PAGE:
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It's fine to wire the existing relay to acc on, but I traced for a couple hours and couldn't find the relay, I think I need to dig the mess out from behind the headlight and it's ziptied pretty tight and I'd prefer to avoid it if I can. Especially since I need to do this twice, once for headlight and once for parking lights.

As for putting another relay inline, of course this can be done, but I don't see how that's the easy way. It's bulky and doesn't make a lot of sense since a transistor should be able to be used as a switch and do the exact same thing.

If it's simply just a matter of hooking this up more correctly then why would I want to trouble myself to fabricate something from a junk yard?
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Old 10-06-2008, 11:27 AM   #8
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Quote:
Originally Posted by itjstagame View Post

If it's simply just a matter of hooking this up more correctly then why would I want to trouble myself to fabricate something from a junk yard?
Just giving you as many options as possible. You can choose what's best for you. Pulling the chime unit out of a 1980 Century was almost a plug in replacement on my 86 Chevy p/u. All I did was take the old buzzer out, plug in the replacement, then hook up the extra wire to the dash lights. Literally took 2 minutes to do. YMMV.

-Jay
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Old 10-06-2008, 01:11 PM   #9
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there are a thousand ways to do the same job. what is easy for me isn't easy for someone else.

it is good to have options. I would consider what everyone has said and take what you think will work the fastest and easiest for you (and still do the job) and run with it.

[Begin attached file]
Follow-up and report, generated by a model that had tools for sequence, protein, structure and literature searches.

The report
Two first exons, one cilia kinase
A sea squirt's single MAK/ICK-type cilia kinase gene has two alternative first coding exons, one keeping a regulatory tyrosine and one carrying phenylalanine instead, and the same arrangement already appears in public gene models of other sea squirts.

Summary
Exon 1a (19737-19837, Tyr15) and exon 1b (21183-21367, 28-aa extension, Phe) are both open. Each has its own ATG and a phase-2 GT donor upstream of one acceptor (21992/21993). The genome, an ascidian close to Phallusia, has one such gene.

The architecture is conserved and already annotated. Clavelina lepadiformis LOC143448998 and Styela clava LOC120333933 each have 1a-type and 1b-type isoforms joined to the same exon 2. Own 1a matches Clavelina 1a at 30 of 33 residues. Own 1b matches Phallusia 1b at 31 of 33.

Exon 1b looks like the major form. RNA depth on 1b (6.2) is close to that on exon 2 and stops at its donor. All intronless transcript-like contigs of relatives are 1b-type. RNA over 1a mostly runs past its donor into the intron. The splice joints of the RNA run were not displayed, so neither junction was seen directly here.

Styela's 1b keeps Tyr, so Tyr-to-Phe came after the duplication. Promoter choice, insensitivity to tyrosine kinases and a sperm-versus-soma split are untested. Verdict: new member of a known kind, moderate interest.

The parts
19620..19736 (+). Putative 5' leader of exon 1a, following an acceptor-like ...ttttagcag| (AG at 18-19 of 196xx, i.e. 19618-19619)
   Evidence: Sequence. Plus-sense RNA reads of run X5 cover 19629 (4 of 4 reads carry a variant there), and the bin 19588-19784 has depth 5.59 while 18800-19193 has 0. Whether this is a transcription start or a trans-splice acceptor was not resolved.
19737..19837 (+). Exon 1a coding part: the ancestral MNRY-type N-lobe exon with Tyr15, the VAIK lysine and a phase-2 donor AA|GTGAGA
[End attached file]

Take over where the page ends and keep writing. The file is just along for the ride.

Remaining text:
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Old 10-07-2008, 05:51 AM   #10
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Ok, so everything I read yesterday said that the way I was hooked up was correct and that power should never jumper between collector and emitter with no base connection. My transistor tested out ok on a multimeter diode test but I guess the 12v of the battery was enough to cause some issue, don't know. My guess was that I had shorted or broke it in some way.

So this morning I got out a new one, wired it in the same way (leaving base empty) and the headlights didn't work! Woo! Also reading yesterday, transistors work on current, so wiring Acc On to the 'base' directly is probably what broke it, so I put a 10k resistor inline and voila! Works perfect! Both headlight switch needs to be on and key on 'Acc On'. Turning off either turns off the headlights. In fact I pull 'Acc On' from a spot that goes out during cranking, which I think is even better, less amp load while starting.

There is one slight issue that if I turn the headlights off and back on quickly (< 1sec or so) that they don't come back on, I have to turn off and wait at least 3-4 secs. I'm not sure why that is but it's fine.

So a 5 cent transistor, 5 cent resistor and 10 mins of soldering. For me that's much easier than finding a junkyard (they all suck here) or tracing and pulling apart the harness looking for a relay somewhere. It would have been done yesterday if I hadn't shorted out my transistor.